1:01pm
    Kaye, your Item No. 4 (Allow access to home equity without losing the Age Pension) contradicts your Item No. 2 (Stop changing rules on superannuation and the Age Pension).

    I would rather they make one big change - give Age Pension to all Australians who have paid taxes for say 20 years here, and tax all income above that, and also remove all special pensions for past & present Politicians, Govt employees and Judges and make them eligible on the same rules as everyone else for pension. That would automatically stop further changes to the rules as it will hit the politicians hip pockets!
    Kaye Fallick
    27th Apr 2017
    3:22pm
    Hi George - many thanks for your feedback. I was probably not clear enough, but in point 2 I called for a comprehensive review, followed by one-off grandfathered changes, then a 5-year moratorium on changes - so i do want the big changes that are clearly needed - then a moratorium. Hope that helps, warmest, Kaye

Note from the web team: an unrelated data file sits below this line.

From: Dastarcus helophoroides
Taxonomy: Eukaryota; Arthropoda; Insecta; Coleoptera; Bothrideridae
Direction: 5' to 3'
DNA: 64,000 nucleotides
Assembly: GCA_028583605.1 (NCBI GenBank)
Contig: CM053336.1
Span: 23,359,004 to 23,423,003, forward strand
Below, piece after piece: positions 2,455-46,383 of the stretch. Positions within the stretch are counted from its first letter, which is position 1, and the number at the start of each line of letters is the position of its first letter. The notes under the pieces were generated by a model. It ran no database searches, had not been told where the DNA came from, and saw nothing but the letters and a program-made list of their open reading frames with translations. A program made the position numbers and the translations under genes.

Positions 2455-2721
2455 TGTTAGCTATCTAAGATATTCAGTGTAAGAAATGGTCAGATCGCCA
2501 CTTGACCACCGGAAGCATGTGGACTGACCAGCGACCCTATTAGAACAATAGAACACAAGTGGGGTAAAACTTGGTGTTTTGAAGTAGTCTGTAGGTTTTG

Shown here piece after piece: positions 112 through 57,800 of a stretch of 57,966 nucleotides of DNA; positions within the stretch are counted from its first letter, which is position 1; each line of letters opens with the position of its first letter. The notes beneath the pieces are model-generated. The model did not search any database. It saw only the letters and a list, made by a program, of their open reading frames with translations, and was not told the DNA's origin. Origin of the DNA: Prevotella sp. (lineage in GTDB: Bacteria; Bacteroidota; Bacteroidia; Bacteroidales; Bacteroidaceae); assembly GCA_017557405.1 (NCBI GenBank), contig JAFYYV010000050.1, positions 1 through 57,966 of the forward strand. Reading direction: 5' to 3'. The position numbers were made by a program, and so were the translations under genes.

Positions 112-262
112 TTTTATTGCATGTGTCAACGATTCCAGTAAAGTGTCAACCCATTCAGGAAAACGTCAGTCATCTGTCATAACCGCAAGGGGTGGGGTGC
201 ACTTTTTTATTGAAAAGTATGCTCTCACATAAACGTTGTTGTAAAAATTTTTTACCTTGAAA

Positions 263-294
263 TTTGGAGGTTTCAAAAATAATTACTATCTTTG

Anonymous
    27th Apr 2017
    5:10pm
    A comprehensive review was promised when the assets test was changed but like other promises, the promise was not honoured. It's past time for some integrity and honesty in government. The biggest change retirees need is a government they can have confidence will act fairly and honestly and abide by its undertakings.

    As for the issue of rent assistance, I sympathize with those few who, through no fault of their own, find themselves without a home in retirement but I am fed up with seeing those who struggled for 30+ years to pay off a mortgage disadvantaged for doing so while many who lived the high life now demand hand-outs to help with rental costs.